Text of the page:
Social Media Fact Checkers Claim Their Work Isn’t Censorship. Here’s Why It Is.

By Didi Rankovic – Reclaim The Net

There’s good news, and bad: first, the fact that “fact-checkers” masquerading as unbiased and accurate moderators of content – while actually unreliable and bias-prone tools of censorship – are now recognized widely enough as just that, to trigger a reaction from some prominent actors.

But then – these “fact-checkers” are reacting in order to double down on their role as something positive, and justified.

Related: How “Activists” Hijacked Facebook’s Fact Checking Program

Because there are no facts to support this attitude, one of the key “fact-checkers” is hiding behind an opinion piece. But the claim is there: “Fact-checking is not censorship,” a post on Poynter wants you to believe.

This, despite the organization, which acts to “certify fact-checkers” via the International Fact-Checking Network (IFCN), having a project that has resulted in mass suppression of posts on Facebook.

According to Facebook (Meta) CEO Mark Zuckerberg, posts that get fact-checked experience a 95% drop in clicks. In other words, even if this content is not outright removed, it is made virtually invisible. That’s censorship by any other name.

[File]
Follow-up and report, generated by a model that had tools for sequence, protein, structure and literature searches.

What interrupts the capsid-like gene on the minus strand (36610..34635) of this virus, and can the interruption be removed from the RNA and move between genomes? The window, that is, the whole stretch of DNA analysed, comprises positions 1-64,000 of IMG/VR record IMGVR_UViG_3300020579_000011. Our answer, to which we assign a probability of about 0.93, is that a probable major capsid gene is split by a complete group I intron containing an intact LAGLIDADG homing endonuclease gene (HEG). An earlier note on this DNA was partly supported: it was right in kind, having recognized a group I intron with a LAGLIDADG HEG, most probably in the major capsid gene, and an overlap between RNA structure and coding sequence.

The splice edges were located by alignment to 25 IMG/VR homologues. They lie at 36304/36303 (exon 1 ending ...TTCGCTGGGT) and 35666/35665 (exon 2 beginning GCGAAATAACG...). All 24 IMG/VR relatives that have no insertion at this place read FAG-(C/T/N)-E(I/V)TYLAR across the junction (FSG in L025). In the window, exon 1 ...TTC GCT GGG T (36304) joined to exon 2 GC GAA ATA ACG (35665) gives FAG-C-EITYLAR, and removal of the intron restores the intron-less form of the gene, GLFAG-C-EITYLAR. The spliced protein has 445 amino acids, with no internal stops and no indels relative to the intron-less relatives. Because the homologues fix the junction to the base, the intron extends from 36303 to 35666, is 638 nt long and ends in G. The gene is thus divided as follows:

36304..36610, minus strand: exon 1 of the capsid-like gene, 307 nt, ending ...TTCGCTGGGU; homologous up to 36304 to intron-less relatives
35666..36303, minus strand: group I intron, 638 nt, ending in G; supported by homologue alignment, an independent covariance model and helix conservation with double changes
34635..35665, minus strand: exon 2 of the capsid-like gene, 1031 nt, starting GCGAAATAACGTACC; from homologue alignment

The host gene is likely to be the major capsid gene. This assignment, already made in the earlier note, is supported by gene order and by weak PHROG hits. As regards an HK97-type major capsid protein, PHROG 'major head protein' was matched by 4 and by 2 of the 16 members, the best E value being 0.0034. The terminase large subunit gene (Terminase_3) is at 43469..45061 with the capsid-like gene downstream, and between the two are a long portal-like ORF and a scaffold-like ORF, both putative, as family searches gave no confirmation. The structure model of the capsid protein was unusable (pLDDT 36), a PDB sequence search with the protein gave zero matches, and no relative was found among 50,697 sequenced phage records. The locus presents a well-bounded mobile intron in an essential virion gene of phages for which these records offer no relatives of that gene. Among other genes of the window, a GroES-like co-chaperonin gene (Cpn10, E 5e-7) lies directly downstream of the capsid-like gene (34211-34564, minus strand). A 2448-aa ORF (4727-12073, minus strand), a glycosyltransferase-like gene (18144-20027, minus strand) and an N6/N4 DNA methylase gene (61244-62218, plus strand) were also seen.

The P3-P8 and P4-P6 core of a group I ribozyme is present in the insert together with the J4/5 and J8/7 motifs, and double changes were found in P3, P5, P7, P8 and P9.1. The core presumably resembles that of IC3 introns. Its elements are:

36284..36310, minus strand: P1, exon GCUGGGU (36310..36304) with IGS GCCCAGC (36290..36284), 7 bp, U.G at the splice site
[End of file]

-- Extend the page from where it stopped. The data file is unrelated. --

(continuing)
So how in the world can Poynter claim that activities of those it certifies actually result in “adding to the public debate” rather than suppressing it?

It can, and does. Meanwhile, a report recently published by Meta paints a different picture: the EU that was no doubt happy to share that “fact-checking” reduces users’ attempts to share posts by 47 and 38 percent on Facebook and Instagram, respectively.

Of course, neither Meta nor the EU are offering this data as proof of negative and nefarious efforts resulting in censorship; instead they are treated simply as proof that Meta complies with EU’s “codes” and other rules, also in the end producing more censorship.

But, while patting itself on the back in these ways, Meta unwittingly managed to undermine the credibility of its own “fact-checking partners.”

There’s a comical moment in the Poynter opinion piece (ostensibly, there’s more than one). But, while out to prove it was not trying to distract, distort, or deflect from the facts – the authors said the blog post was there to “commemorate” something called, “International Fact-Checking Day 2024.”

Have “fact-checkers” – practiced at it as they are – just made another thing up?

Start the Conversation

Your email address will not be published. Required fields are marked *